Wasp Venom and Cancer

Wasp Stinger

Wasp Stinger

One of the reasons for preservation of biodiversity is to maintain sources for biomaterials “mining”. Stinging wasps are known for producing unique toxins that can have profound biological effects. Wasps use their venoms for defense or to immobilize prey. The venom must act on cells of the the target organism to be effective.  Medical researchers are exploring wasp venom toxins for novel agents with potential for therapeutic uses.

The Brazilian wasp, Polybia paulista, produces a toxin called Polybia-MPI that specifically affects cells containing significant titers of the lipid, phosphatidylserine (PS), on the cell surface. This lipid can be common on tumor cells but is mostly absent from the surface of healthy cells. Polybia-MPI is an antibacterial peptide that selectively affects cells with external PS. Polybia-MPI acts on the membranes of these cells, making them “leaky” and ultimately killing the cell. Desirable features of Polybia-MPI are its selectivity and mode of action. Its target site and mode of action are unique and it is an effect agent against cancer cells that become resistant to agents with different targets.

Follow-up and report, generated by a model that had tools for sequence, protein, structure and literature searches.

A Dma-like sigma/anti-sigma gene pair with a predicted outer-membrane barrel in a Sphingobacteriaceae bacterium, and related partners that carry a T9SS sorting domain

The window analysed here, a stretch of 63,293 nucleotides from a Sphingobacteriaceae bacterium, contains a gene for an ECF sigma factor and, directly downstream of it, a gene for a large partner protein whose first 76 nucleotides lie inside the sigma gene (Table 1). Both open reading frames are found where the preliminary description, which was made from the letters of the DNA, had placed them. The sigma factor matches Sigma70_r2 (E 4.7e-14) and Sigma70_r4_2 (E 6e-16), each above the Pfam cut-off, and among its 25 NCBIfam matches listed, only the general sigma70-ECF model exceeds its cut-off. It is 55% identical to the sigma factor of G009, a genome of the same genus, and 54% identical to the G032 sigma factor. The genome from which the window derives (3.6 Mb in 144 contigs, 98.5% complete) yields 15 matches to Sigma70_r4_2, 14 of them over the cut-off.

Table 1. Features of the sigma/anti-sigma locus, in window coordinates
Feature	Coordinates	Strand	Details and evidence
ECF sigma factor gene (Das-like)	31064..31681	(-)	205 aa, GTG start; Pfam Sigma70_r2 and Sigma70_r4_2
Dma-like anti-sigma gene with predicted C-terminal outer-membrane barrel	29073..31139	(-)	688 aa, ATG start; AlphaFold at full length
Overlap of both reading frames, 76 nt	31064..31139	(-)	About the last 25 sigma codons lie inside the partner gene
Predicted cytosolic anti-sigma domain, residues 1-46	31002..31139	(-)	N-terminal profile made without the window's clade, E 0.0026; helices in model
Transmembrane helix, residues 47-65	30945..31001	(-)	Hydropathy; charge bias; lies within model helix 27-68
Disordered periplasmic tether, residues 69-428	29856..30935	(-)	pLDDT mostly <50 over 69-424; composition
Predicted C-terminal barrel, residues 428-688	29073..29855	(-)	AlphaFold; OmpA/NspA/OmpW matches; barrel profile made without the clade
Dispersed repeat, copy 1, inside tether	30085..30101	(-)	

Kai-rong Wang, Jie-xi Yan, Bang-zhi Zhang Jing-jing Song, Peng-fei Jia, Rui Wang.  2009. Novel mode of action of polybia-MPI, a novel antimicrobial peptide, in multi-drug resistant leukemic cells.  Cancer Letters.  278:65-72.

 

About jjneal

Jonathan Neal is an Associate Professor of Entomology at Purdue University and author of the textbook, Living With Insects (2010). This blog is a forum to communicate about the intersection of insects with people and policy. This is a personal blog. The opinions and materials posted here are those of the author and are in no way connected with those of my employer.
This entry was posted in Biomaterials, by jjneal, Health. Bookmark the permalink.

One Response to Wasp Venom and Cancer

  1. Pingback: Wasp Venom and Cancer | Entomo Planet

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